View synonyms for leakage


[ lee-kij ]


  1. an act of leaking; leak.
  2. something that leaks in or out.
  3. the amount that leaks in or out.
  4. Commerce. an allowance for loss by leaking.
  5. Physics, Electricity. the loss of all or part of a useful agent, as of the electric current that flows through an insulator leakage current or of the magnetic flux that passes outside useful flux circuits leakage flux.


/ ˈliːkɪdʒ /


  1. the act or an instance of leaking
  2. something that escapes or enters by a leak
  3. commerce an allowance made for partial loss (of stock, etc) due to leaking
  4. physics
    1. an undesired flow of electric current, neutrons, etc
    2. ( as modifier )

      leakage current

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Word History and Origins

Origin of leakage1

First recorded in 1480–90; leak + -age

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Example Sentences

The FDA has regulated microwave manufacturing since the ’70s to make sure models are protected against leakage.

These are best for most situations where privacy, isolation, and less noise leakage are important, whether at a recording studio or in a library.

There is leakage from the ceiling when it rains you can taste the mold in the air.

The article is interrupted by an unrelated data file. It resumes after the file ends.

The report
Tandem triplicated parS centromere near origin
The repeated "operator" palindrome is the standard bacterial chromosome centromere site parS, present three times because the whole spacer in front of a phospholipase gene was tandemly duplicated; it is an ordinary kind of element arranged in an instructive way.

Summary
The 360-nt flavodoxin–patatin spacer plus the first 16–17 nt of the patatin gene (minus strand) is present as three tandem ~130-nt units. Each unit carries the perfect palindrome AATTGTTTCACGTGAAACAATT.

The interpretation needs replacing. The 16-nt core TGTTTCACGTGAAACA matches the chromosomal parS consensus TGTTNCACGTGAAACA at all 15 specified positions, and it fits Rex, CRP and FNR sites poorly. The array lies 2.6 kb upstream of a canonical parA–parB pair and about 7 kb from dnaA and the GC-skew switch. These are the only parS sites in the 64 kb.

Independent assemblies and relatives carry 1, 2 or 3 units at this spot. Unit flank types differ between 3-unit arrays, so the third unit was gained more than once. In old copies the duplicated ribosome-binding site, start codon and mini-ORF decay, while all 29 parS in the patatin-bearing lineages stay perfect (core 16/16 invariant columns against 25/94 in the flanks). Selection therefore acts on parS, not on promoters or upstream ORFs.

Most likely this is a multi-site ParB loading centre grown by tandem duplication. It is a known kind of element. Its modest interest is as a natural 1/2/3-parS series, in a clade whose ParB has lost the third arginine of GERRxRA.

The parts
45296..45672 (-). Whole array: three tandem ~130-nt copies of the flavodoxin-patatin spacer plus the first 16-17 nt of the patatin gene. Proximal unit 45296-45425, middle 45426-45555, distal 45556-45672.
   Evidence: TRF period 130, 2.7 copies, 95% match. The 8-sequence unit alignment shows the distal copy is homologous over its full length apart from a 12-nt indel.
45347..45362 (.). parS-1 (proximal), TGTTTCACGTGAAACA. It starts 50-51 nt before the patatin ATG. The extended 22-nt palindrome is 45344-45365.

What’s happening now is more than the standard leakage and naturally if it lasts a long time, it will require supplies of extra air to the station.

While the ad server does have access to that data, Dovekey proposes there will be policies or restrictions in place to ensure there is no leakage.

From Digiday

According to Russianoff, leakage is as much a problem on the platforms as it is are inside the cars.

But Clapper  has also failed fundamentally to stanch the leakage of secrets so emblematic of his tenure atop the community.

The water in them was first served out, on account of leakage.

If this leakage can be seen where it discharges, then the trouble can be rectified.

A residual product of this dish is a sort of hard-bake toffee, formed by the leakage of jam from the chupatties.

The leakage takes place, if not along cracks, through capillary channels, which are everywhere present in sea-ice.

The tops of these arches were covered with stones, rushes and bitumen, and plates of lead, to prevent leakage.


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